After the Total War series took a side-step into the fantasy world of Warhammer, as seen in the excellent and perhaps franchise-best Total War Warhammer II
, developer Creative Assembly decided it was time to go back to the realm of real-world history with A Total War Saga: Thrones of Britannia. Saga being the new moniker for standalone small slices of specific history given the Total War treatment. From that description one might think that by using the term ‘small slice’ one is to take that literally. In the cake sense.
No, this first Total War Saga is anything but slight, as Creative Assembly dips its toes, feet, and entire body back into the world of richly detailed historical combat.
As per the title Thrones of Britannia is set during the time when Anglo-Saxons, Gaelic clans, Welsh tribes and Viking settlers all lived in peace. And harmony. Of course, that’s a lie as this is the period where Game of Thrones draws a lot of its inspiration. Where a king needs to manage competing houses, lords, and noblemen as they squabble over land, fight for dominance, and declare war. Whilst shoring up enough food stocks to ensure that a someone with dreams of grandeur doesn’t declare himself king thanks to the backing of a starving group of villagers. Which can be an issue when you find your armies on the southern shores of Britannia trying to fend off a group of Vikings that have decided to raid your coastal towns.
The sheer complexity and nuance poured into the campaign side of Thrones of Britannia, with little in terms of tutorial, make this quite possibly the least accessible Total War to date. Sure, there’s your advisor and an in-game encyclopedia to trawl through to get a better understanding of mechanics, but there’s a sense that what you’re getting is something for fans first and foremost. And hey, that’s not a bad thing. Starting as one of ten different factions the geographically small but detailed map of what we now call Great Britain is still feeling the effects of Viking rule, as Alfred the Great, King of the Anglo-Saxons struggles to maintain order. Whilst also attempting to reunify the country.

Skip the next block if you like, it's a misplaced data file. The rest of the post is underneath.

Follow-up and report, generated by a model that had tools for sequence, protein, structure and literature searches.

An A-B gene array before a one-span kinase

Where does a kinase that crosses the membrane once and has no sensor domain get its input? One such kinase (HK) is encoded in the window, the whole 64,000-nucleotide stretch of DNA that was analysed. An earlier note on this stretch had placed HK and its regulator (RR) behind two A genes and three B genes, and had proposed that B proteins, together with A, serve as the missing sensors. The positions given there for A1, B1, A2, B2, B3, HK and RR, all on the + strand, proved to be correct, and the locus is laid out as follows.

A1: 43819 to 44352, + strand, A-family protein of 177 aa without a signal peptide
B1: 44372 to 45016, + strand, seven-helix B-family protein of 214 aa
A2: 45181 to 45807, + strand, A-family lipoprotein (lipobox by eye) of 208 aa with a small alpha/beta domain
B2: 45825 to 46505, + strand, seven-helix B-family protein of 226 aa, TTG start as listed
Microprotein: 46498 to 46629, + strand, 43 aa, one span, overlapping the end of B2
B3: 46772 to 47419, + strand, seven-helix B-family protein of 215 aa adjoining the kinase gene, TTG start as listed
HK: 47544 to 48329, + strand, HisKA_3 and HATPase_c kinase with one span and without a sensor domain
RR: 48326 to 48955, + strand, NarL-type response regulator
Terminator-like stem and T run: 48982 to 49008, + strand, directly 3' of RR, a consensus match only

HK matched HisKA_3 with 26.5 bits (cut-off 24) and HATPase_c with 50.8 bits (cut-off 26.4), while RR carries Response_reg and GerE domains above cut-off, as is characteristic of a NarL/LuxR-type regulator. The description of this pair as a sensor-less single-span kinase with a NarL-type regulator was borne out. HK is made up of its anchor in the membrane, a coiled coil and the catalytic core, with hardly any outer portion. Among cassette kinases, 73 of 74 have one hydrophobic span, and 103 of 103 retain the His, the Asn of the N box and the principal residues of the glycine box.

From a complexity standpoint this means that no matter the faction you choose to play you’ll immediately need to come to terms with the chaos that is a small country split into dozens of pieces. After the usual taste of battle that kicks off every Total War release, surprisingly a large chunk of the first few hours is spent building up forces, expanding regions with new structures, and getting to know the ins and outs of this new Total War. Even if you’ve played previous entries there’s a lot to come to terms with. A simple narrative focused entry this isn’t.
Set during a time steeped in bloodlines, succession, royalty, and nobles, Thrones of Britannia offers detailed customisation of governors, and family members, even letting you go so far as to propose marriage between your son and say the daughter of a neighbouring ruler. Plus, ruling over vassals. By narrowing the focus to a single location this has allowed Creative Assembly to really delve deep into the recreation of Britain and Ireland. From the wonderful weather effects to terrain detail, it all plays a part in telling a story. All the little villages scattered throughout the land, separate to cities, add a new strategic layer to military conquest. Where cutting off food supplies to starve a city to sway them to your cause is more than a viable option.
There are some welcome changes to the Total War formula that suit the setting too, from the way you recruit new armies from a kingdom wide pool of available units to the way that upgraded units and structures are now tied to technology research. One of the cooler features of Total War Warhammer, those being quests to head-off in search of relics and artifacts, make a surprise appearance here and add some weight to the overall story being told.
The only real downside, which is due to the setting and period, is that most armies look and act the same – save for a few variations between Vikings and Englishmen. Thrones of Britannia does feel different enough, and a lot slower and methodical than say Warhammer or even Rome II. There’s a distinct lack of super units, or powerful generals that can make entire formations crumble with a glance. Ranged combat feels more realistic or medieval, as after a few initial barrages is way less important to the outcome thanks all the heavy armour going around.
Things get suitably intense too.
In then end the first Total War Saga is a sign of good things to come, more focused historical releases that don’t sacrifice complexity for the sake of brevity. Although not the biggest or most expansive release in the franchise Thrones of Britannia surprises in its depth and commitment to building an experience specific to an era and place. From the warring houses and backstabbing and ever-changing map, to the war-hungry Vikings looking to cause one last moment of chaos. If medieval history is your thing, then this is the Total War for you.